Berthe Morisot was French painter and printmaker and a member of the circle of painters in Paris who became known as the Impressionists. As the child of upper middle-class parents, she was given appropriate education. In 1858 she and her sister Edma left to study under Joseph-Benoit Guichard, a pupil of Ingres and Delacroix. In the same year they registered as copyists in the Louvre, copying Veronese and Rubens. The sisters were introduced to Jean-Baptiste-Camille Corot in 1861. Morisot formed a close familiarity with Manet, who became her brother-in-law, and she served as model for several of his best-known paintings.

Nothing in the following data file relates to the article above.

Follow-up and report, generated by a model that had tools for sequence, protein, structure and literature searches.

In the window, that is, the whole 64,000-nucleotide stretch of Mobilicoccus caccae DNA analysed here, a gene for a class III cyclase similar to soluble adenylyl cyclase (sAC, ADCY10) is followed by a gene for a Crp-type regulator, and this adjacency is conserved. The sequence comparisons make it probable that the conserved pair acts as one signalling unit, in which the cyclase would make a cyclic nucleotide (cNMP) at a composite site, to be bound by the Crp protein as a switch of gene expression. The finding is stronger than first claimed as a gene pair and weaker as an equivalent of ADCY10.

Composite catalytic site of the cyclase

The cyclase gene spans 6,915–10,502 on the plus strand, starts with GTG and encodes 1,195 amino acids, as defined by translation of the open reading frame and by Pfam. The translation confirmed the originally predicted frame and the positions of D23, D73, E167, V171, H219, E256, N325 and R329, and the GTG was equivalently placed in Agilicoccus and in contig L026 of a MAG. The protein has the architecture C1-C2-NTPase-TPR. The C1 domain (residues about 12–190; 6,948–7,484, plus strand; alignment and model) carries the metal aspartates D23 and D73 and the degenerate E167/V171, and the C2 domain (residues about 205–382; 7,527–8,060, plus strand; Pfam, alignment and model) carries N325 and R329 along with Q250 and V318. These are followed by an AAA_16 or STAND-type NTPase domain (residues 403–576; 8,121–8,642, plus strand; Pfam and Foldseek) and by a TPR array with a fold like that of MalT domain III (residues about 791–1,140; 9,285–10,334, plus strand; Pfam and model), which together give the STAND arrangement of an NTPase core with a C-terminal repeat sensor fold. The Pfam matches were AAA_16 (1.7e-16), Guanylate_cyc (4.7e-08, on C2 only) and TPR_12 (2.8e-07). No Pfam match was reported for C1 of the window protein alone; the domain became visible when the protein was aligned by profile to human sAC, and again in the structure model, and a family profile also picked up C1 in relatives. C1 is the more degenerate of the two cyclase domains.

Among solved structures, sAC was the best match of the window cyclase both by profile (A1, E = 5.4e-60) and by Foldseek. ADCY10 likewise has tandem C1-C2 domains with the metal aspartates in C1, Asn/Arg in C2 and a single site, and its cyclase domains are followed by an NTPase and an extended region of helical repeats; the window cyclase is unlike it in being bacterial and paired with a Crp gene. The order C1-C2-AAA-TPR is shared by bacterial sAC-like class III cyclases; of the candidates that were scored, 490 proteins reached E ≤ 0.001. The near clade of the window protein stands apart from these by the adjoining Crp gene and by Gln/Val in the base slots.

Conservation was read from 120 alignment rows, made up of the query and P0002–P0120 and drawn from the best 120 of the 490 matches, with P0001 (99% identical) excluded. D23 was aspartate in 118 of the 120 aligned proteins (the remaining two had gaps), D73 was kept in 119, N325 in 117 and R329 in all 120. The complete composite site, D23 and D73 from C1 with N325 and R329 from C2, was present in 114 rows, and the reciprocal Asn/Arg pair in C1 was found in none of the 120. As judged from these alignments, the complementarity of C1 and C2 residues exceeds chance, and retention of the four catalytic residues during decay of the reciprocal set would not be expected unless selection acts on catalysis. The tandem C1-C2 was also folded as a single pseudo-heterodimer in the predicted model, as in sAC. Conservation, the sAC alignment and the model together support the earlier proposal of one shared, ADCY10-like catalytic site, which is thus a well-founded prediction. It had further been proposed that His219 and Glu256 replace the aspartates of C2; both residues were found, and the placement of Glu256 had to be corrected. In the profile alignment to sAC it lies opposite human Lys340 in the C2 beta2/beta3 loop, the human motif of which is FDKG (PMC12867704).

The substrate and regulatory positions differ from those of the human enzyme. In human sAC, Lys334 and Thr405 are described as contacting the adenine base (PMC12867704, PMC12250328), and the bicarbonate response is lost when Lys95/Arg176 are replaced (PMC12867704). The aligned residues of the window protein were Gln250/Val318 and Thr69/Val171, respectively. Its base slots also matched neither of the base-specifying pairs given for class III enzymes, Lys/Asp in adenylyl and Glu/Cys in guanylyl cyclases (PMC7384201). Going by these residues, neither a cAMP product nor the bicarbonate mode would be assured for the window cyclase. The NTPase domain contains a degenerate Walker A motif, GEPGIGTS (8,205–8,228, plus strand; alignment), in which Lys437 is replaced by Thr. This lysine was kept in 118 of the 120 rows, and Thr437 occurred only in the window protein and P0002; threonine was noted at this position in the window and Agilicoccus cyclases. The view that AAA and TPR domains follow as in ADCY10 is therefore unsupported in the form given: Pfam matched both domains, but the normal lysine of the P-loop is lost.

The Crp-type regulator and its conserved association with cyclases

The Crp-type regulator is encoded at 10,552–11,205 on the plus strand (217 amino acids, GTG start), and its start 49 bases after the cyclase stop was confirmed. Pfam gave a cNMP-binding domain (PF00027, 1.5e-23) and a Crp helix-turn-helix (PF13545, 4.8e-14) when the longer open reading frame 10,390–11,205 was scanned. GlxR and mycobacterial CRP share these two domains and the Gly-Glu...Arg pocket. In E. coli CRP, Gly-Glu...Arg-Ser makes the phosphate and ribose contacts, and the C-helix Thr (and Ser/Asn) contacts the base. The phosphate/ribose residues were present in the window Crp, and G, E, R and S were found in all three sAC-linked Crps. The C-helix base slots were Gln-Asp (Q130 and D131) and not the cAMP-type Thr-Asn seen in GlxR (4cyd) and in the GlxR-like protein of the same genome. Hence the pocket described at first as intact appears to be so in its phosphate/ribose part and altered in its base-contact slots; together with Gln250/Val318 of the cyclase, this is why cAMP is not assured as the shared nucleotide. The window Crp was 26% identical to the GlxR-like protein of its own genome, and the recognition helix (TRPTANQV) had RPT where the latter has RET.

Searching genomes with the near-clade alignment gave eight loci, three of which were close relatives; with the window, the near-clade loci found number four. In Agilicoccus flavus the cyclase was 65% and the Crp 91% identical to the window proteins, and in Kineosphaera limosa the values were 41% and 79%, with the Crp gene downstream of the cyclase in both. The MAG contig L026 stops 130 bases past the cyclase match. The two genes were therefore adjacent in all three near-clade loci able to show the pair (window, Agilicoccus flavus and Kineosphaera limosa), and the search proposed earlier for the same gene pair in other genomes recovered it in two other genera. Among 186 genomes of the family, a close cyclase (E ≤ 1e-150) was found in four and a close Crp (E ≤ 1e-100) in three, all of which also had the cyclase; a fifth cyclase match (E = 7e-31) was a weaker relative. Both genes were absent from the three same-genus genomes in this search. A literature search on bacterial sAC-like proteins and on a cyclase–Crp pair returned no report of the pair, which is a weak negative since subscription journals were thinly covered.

They both deeply influenced each others artistic development. Her own later work inclined toward pure Impressionism in its representation of light, while keeping an unusual smoothness of brushwork. Her early subject matter included landscapes and marine scenes- later she most frequently painted tranquil portraits of mothers and children.